A strong earthquake shook southern Ecuador and northern Peru on Saturday, killing at least 14 people, trapping others under rubble, and sending rescue teams out into streets littered with debris and fallen power lines.
The U.S. Geological Survey reported an earthquake with a magnitude of about 6.8 that was centred just off the Pacific Coast, about 50 miles (80 kilometres) south of Guayaquil, Ecuador’s second-largest city. One of the victims died in Peru, while 13 others died in Ecuador, where authorities also reported that at least 126 people were injured.
Ecuadorian President Guillermo Lasso told reporters the earthquake had “without a doubt … generated alarm in the population.” Lasso’s office in a statement said 11 of the victims died in the coastal state of El Oro and two in the highlands state of Azuay.
In Peru, the earthquake was felt from its northern border with Ecuador to the central Pacific coast. Peruvian Prime Minister Alberto Otárola said a 4-year-old girl died from head trauma she suffered in the collapse of her home in the Tumbes region, on the border with Ecuador.
One of the victims in Azuay was a passenger in a vehicle crushed by rubble from a house in the Andean community of Cuenca, according to the Risk Management Secretariat, Ecuador’s emergency response agency.
In El Oro, the agency also reported that several people were trapped under rubble. In the community of Machala, a two-story home collapsed before people could evacuate, a pier gave way and a building’s walls cracked, trapping an unknown number of people.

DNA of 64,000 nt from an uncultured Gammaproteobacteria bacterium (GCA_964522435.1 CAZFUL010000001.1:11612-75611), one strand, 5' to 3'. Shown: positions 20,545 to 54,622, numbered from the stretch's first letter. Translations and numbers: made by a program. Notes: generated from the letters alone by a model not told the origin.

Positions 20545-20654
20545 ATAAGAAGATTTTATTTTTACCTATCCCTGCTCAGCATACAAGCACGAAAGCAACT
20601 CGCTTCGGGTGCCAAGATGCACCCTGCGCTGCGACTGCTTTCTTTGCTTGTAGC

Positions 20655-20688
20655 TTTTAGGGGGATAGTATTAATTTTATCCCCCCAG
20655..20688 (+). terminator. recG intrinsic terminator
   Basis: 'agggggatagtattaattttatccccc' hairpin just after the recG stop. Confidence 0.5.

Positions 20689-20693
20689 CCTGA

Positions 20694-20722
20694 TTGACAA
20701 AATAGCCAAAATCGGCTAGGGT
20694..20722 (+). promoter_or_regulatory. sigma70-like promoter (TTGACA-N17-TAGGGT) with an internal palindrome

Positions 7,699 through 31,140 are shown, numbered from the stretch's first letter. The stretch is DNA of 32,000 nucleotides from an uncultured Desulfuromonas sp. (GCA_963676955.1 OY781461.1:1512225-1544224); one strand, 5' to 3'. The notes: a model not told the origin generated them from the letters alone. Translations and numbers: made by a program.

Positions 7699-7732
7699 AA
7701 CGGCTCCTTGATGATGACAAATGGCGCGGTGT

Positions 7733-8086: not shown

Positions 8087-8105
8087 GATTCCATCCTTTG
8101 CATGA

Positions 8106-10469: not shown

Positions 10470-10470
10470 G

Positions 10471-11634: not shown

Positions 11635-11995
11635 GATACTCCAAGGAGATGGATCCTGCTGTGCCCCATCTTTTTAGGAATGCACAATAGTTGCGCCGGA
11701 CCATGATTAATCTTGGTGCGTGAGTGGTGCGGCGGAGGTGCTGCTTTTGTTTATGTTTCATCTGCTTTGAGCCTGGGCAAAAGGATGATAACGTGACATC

The agency said firefighters worked to rescue people while the National Police assessed the damage, their work made more difficult by downed lines that interrupted telephone and electricity service.
Machala resident Fabricio Cruz said he was in his third-floor apartment when he felt a strong tremor and saw his television hit the ground. He immediately headed out.
“I heard how my neighbours were shouting and there was a lot of noise,” said Cruz, a 34-year-old photographer. He added that when he looked around, he noticed the collapsed roofs of nearby houses.
Ecuador’s government also reported damages to healthcare centres and schools. Lasso said he would travel on Saturday to El Oro.
In Guayaquil, about 170 miles (270 kilometres) southwest of the capital, Quito, authorities reported cracks in buildings and homes, as well as some, collapsed walls. Authorities ordered the closure of three vehicular tunnels in Guayaquil, which anchors a metro area of over 3 million people.